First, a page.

Every now and then you have a chance encounter that turns into something far more. That’s what happened to me with Allegra Jordan, whom I first met back in 2006 at a women’s program at Harvard Business School.
Somehow we got to talking. One thing led to another, and we made plans to meet for dinner that evening at a restaurant in Harvard Square. Over upscale New England home cooking, we traded life stories, finding many overlapping interests. Along with our Harvard professional degrees (mine a J.D., hers an M.B.A.), we shared ties to the southern United States (she’d grown up in Alabama, while I’d spent years working in Tennessee and Mississippi). But most important of all was our shared concern with finding ways to bridge our secular and spiritual lives, whether they be devoutly Christian (hers) or Buddhist eclectic (mine).
Flash forward five-plus years, and both of us have been through seismic changes—jobs, relationships, geographic moves. At the same time, the commitments that brought us together remain very much the same, and what began as a single meal is now a solid friendship.
In this guest post, Allegra describes how her own Plan B Nation story led her to launch Innovation Abbey, a social justice-oriented consulting firm with projects around the world (and with which I’m now honored to be affiliated).
February 13, 2010. Snow is falling as my dog Belvedere and I pull out of my Chapel Hill driveway and begin the drive to Atlanta. By the time we reach the North Carolina border, traffic is at a standstill. Eighteen wheelers slide precariously close to us along the rolling hills. The six-hour trip ends up taking three times that long.
If this had been an ordinary trip, I would have turned around and waited for the roads to clear. But it was Valentine’s weekend, a brutal anniversary. One year before, I’d received a pink slip from my then-husband, followed by the same at work. The descent was so stunning it became introductory material for a forthcoming book with the tongue-in-cheek working title Is Feminism in Bad Shape? Check out Allegra. The story: our plucky honors Harvard Business School graduate marries, pursues a career in innovation, sacrifices, and ultimately becomes a cautionary tale for others.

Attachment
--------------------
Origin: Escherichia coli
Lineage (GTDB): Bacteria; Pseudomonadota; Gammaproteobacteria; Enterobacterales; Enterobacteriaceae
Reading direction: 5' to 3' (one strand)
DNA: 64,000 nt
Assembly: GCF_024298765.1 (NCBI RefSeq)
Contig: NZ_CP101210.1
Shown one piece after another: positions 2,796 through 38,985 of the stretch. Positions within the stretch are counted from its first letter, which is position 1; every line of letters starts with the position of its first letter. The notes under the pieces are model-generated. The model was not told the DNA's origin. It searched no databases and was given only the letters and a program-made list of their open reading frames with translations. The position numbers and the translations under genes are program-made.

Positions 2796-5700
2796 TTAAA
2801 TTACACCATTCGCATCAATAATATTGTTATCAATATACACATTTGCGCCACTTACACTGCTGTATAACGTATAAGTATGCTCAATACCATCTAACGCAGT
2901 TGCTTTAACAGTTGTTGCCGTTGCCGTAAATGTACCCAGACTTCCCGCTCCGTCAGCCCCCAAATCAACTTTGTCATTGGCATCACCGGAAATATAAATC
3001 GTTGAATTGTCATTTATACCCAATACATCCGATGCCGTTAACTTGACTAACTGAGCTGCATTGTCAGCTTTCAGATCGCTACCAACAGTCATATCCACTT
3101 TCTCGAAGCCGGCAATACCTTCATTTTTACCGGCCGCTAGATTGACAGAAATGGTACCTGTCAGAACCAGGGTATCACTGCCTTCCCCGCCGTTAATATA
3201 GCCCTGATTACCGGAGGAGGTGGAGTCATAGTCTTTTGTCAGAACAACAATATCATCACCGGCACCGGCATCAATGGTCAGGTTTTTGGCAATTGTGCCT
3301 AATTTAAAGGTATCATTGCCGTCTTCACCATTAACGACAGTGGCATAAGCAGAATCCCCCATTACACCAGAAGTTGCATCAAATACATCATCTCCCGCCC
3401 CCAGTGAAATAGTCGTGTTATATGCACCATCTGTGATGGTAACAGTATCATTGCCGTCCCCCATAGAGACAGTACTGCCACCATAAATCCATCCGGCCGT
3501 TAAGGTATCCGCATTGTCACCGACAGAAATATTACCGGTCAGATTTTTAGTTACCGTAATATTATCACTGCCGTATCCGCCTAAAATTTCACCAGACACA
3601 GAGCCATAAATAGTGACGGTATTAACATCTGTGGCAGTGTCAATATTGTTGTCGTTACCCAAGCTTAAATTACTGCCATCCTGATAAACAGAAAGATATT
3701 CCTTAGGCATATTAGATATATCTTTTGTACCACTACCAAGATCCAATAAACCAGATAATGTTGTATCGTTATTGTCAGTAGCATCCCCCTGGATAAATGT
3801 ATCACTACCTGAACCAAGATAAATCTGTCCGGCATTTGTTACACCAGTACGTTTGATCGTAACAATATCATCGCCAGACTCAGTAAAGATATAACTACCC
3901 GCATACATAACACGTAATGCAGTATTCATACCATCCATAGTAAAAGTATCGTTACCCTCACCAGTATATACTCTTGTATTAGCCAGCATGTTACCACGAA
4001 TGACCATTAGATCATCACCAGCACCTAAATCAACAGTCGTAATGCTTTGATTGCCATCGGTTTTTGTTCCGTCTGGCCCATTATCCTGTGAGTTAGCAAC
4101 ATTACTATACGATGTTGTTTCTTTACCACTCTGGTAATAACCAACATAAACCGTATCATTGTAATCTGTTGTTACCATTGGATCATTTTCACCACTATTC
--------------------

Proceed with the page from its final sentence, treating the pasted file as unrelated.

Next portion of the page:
Stick around for the weekend anniversary? No way.
Instead, I got tickets to the Leonardo da Vinci exhibit at the High Museum in Atlanta. My goal: To rest my eyes on consequential, centuries-old beauty. I hoped this experience would soothe and heal my heart. I was going to show up to life, show up to beauty, and show up to excellence. If I had to drive 18 hours, I would gladly do so.
But there was no “a-ha” moment for me on that bleak winter day. Tense from the drive, protecting a badly wounded heart, I searched in vain for what I was seeking. I saw nothing that moved me, nothing that seemed to justify the long and exhausting trip.
Valentine’s Day dawned in Atlanta to below-freezing temperatures. The sun had yet to rise when I embarked on my return trip over black-ice slicked roads. As I carefully started the long drive back, my spirits were low. It would have made sense to wait a while, but I didn’t have that luxury: I needed to make it back in time to pick up my sons at their father’s.
And then, just a few hours later, everything suddenly shifted.
As I crossed the border into South Carolina around 10 a.m., the sun peeked into view. As if on cue, the air seemed to warm. My tension and anxiety drained away, leaving a feeling of calm. For the first time in three days, I finally relaxed. It was then the blessing came.
I can only describe it as an epiphany. And epiphanies or daydreams are funny, inexplicable things. Neurologically, I can speculate that after I finally relaxed the executive center of my brain, I opened the door to a series of neuro-tonal images. It was a bit like being awake and dreaming at the same time.
I saw Leonardo sitting on a ladder. I drew closer.
“Why are you here?” I asked.
“I can help you,” he said.
“How? There’s no place for me.”
“There was no place for me either—I did so many different things and few of them fit with each other. Even Michelangelo made fun of me for that big horse I tried. But if I could make it in the 1500s, then perhaps you can too.”
“But my work situation, my home life—I’ve been so betrayed.”
“Have you ever worked for a Sforza?”